Organizations are undergoing structural changes during these turbulent times. They need to play a balancing act between short-term challenges & long-term requirements.
Neelam Dhawan, Head of India Advisory Board, IBM in an exclusive interaction with Ester Martinez, CEO & Editor in Chief, People Matters, during the global digital learning experience Perspectives 2020, defined the new normal for the businesses and how to shape the future of work as we transition into different phases of the crisis.
Here is an excerpt from the keynote:
Phases in Crisis: From employees’ safety to managing the economy
When the COVID-19 crisis broke out, the first phase was all about keeping the employees safe and work from home was quickly implemented by most organizations.
However, nobody thought it would extend after it extended for nearly three months across the globe.
Neelam shares, “After a week or ten days there was a realize this may be a longer shut down. Hence, businesses recognized the need to transition from Phase-I of the crisis which was employees’ safety to business continuity.”
People started to look at reaching out to their customers, looking at the engagement that could be all digital and online and look at doing business in a digital manner. At the same time, many of the businesses could not manage, especially if they were in a physical world where you needed to be with people all the time to do your business.
This led us to transition into phase III of the crisis, which is to say that we need to conserve cash and we need to conserve capital to survive the lockdown.
Today we are in phase IV, where most companies and most economies across the globe are talking about reopening the economy, going back to work from home, and thinking through how they can manage the economic activity in their country.
Coronavirus had a big impact across the globe and it has redefined how we work, how we learn in the future. – Neelam Dhawan, Head of India Advisory Board, IBM
The Future of Work
With the pandemic striking the work, ‘Future of Work’ and the future has transformed drastically within a few weeks.
Neelam shares that the crisis has paved way to new normal, which can be defined with three distinct changes that have happened:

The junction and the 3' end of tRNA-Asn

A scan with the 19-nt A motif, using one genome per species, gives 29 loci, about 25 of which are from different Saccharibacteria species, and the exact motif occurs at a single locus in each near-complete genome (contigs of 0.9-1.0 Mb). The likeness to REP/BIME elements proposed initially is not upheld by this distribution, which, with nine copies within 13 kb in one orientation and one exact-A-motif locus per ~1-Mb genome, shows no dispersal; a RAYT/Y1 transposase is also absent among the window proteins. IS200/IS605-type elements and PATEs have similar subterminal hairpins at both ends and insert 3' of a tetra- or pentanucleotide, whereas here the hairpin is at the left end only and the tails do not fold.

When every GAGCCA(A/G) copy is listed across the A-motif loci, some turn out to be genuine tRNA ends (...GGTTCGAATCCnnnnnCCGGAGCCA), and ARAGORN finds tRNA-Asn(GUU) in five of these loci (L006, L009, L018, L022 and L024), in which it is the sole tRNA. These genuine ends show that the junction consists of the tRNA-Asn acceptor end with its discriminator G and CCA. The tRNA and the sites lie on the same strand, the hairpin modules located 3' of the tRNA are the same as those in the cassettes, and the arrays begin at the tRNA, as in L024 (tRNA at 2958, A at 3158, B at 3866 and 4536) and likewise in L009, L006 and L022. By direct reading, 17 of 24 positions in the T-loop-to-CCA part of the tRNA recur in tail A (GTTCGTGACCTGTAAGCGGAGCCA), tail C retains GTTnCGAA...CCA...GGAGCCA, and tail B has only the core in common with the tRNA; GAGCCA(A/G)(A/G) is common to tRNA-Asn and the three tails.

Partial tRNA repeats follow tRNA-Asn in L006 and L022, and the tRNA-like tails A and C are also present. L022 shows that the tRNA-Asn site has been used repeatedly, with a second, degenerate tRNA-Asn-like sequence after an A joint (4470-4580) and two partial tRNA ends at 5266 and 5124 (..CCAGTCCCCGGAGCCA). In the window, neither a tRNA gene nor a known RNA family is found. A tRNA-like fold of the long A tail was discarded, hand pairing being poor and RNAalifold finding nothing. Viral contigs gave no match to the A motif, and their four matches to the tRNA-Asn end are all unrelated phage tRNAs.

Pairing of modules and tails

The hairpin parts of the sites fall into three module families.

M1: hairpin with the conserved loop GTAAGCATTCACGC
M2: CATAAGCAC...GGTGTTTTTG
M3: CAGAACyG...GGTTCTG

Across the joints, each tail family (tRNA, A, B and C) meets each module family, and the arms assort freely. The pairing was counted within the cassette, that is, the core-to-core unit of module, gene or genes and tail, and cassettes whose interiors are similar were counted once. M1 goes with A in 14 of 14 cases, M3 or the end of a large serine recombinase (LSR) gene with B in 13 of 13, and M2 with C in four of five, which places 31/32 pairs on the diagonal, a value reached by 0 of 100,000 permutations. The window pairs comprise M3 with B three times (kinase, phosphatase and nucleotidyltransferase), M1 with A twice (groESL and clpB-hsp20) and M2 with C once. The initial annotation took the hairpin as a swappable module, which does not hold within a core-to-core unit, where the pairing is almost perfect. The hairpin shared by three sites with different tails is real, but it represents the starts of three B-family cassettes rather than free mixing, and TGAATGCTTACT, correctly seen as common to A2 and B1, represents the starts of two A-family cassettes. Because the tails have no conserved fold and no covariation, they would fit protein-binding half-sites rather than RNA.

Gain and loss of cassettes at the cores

First: Digital work from home and digital life that we started to lead far more than physical life. We have adapted very quickly to the working from home using digital. That is a realization that if it wasn't for this digital transformation and our ability to work with technology, perhaps the economic impact would have been far, far, worse than it was before.
Second: The businesses have learned to work in a cashless, paperless, and even in a people-less world.
Neelam shares, “We have been transforming all processes to be cashless, people-less and now can they be done without any human intervention.
She further shares an example of an ATM transaction, saying we are now looking at automation to such an extent that in the new normal automation and processes will be not touched by people.
Third: The third major change would be about how we network. The pandemic has completely changed the way how we interact with each other whether it is your friends or your family or whether it is your teams at work.
To sum up, the new normal is about working on digital media, working digitally. Transactional work wouldn’t require a human touch and even human interaction will be driven by digital.
Now, in this environment what would leadership look like?
Leadership in the future is all about “How can I manage my talent and my organization digitally.”
We will no longer be able to see our team and work with them on a daily or a weekly basis as we were doing earlier.”
Neelam shares, “So can you work with the team and perhaps the team members who I may not meet ever during my work life? And what it really means is how do you develop the empathy and social connection with the team while being on digital media and work from home.”
Looking at Skills of the Future:
Skills of the future will be all about technology. Future leadership needs to learn how they can use technology to help them to be better at their work. Neelam shares, “Skills training is extremely, extremely important to manage the new normal.” How organizations manage talent will change over the years and hence, employee engagement will be another skill that will help managers to connect with employees and interact with them on daily basis and guide them on them how to work. Mentoring and coaching will be done without meeting mentors and coaches.
On a parting note, Neelam shares, “The new norm is to work from home. The new norm is to adopt digital and technology innovation to help us be successful. It is to develop leadership skills to work with employees, customers and partners in the new world of being digital.”